Boom in music video games helps original artists

"This song is dedicated to Debbie Harry," flinty-eyed Lisa Hsuan purrs into a microphone on the red-lit stage of Hyperion Tavern. It's a cozy dive where patrons drink Coke and beer from bottles and a fading chandelier dangles overhead.

Her tribute is intentionally ludicrous: The 30-year-old veterinarian is about to belt out Call Me, which Harry — fronting the group Blondie — released 28 years ago. Accompanied on fake guitars and drums by three Web programmers who drove in from the refinery-dotted coastal suburb of El Segundo, Hsuan launches in as a smoke machine puffs nearby.

They're playing the video game Rock Band 2, which along with Guitar Hero is rocking bars and living rooms across the country. Many songs' sales have more than doubled after release in one of the games, and well-known bands have started lining up to provide new music direct to the game makers. Now record labels — noticing what they are missing, and struggling as compact disc sales tumble — are looking for a bigger piece of the action.

Although labels get some royalties from the play-along games' makers, they are often bypassed on image and likeness licensing deals, which the bands control and which account for a rising proportion of musicians' income. Meanwhile, the Recording Industry Association of America pegged its U.S. members' sales at $10.4 billion in 2007, down 11.8% from the year before, with a further drop expected for 2008. By comparison, video game sales overall more than doubled this year, hitting $1.9 billion in the 12 months ending in November, according to NPD Group. And they're expected to keep growing.

Aerosmith made more money off the June release of Guitar Hero: Aerosmith than either of its last two albums, according to RedOctane co-founder and president Kai Huang.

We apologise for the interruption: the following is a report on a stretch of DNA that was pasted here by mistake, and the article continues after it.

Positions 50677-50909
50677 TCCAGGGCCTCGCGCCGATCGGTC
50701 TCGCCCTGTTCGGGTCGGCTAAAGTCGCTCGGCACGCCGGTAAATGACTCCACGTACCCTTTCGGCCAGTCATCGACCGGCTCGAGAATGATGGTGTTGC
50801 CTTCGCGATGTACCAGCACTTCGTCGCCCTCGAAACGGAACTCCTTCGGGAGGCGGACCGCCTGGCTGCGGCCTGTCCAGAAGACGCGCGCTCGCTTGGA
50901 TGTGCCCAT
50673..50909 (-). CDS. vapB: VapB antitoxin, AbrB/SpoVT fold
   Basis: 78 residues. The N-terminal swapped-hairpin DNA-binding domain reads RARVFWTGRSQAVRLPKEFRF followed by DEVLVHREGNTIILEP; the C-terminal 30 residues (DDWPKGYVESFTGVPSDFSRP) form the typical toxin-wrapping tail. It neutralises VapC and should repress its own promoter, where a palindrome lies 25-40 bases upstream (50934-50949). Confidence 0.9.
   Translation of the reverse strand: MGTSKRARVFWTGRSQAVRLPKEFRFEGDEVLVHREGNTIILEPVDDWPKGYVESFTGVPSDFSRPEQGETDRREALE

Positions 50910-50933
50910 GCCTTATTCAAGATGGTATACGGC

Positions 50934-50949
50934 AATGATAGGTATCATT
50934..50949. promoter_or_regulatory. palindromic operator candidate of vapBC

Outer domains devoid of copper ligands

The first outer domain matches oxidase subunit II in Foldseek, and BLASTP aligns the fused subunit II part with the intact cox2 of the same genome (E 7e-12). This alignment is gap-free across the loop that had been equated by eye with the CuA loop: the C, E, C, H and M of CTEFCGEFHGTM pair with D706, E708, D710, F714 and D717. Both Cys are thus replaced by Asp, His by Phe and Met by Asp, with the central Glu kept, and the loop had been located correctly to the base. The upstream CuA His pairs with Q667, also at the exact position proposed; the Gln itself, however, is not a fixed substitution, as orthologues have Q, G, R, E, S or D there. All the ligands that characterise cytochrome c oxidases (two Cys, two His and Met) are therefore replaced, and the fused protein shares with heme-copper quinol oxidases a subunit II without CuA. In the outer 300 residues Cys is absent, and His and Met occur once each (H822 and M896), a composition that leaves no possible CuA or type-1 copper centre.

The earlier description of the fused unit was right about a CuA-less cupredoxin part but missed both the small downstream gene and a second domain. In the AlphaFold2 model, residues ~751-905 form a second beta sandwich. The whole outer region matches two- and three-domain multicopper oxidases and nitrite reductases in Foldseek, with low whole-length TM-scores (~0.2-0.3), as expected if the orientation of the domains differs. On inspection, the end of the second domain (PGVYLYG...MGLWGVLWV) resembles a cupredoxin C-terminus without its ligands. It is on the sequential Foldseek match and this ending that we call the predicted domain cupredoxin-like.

"The kind of exposure that artists can get through the Guitar Hero platform is huge," said Huang, who remains RedOctane's president, after it and the Guitar Hero franchise were taken over by Activision Blizzard Inc. in 2006. Rock Band, meanwhile, is made by Viacom Inc.'s MTV Games and distributed by Electronic Arts Inc.

An executive at a major record label, who spoke on condition of anonymity because the negotiations are sensitive, said the stream of income from games to labels doesn't match the traditional business of signing and promoting hot artists. The executive said a typical record company still makes more from a single album that sells 3 million copies than from all its video game revenue combined.

And, though Warner Music Group Corp. Chief Executive Edgar Bronfman Jr. bemoaned the "very paltry" licensing fees record labels get from game makers in August, the labels haven't stopped sending their music to game makers.

That's partly because they lack leverage. Even the largest label, Universal Music Group, controls just a third of the U.S. market, said Wedbush Morgan entertainment analyst Michael Pachter.

"There are literally probably 2 million songs out there, and fewer than a 1,000 were used in these two games combined in these last two years," Pachter said. "If Warner wants to say we'll take our 20% of the market and go away, a lot of bands are going to leave the label if they think they can get better exposure by being on these games."

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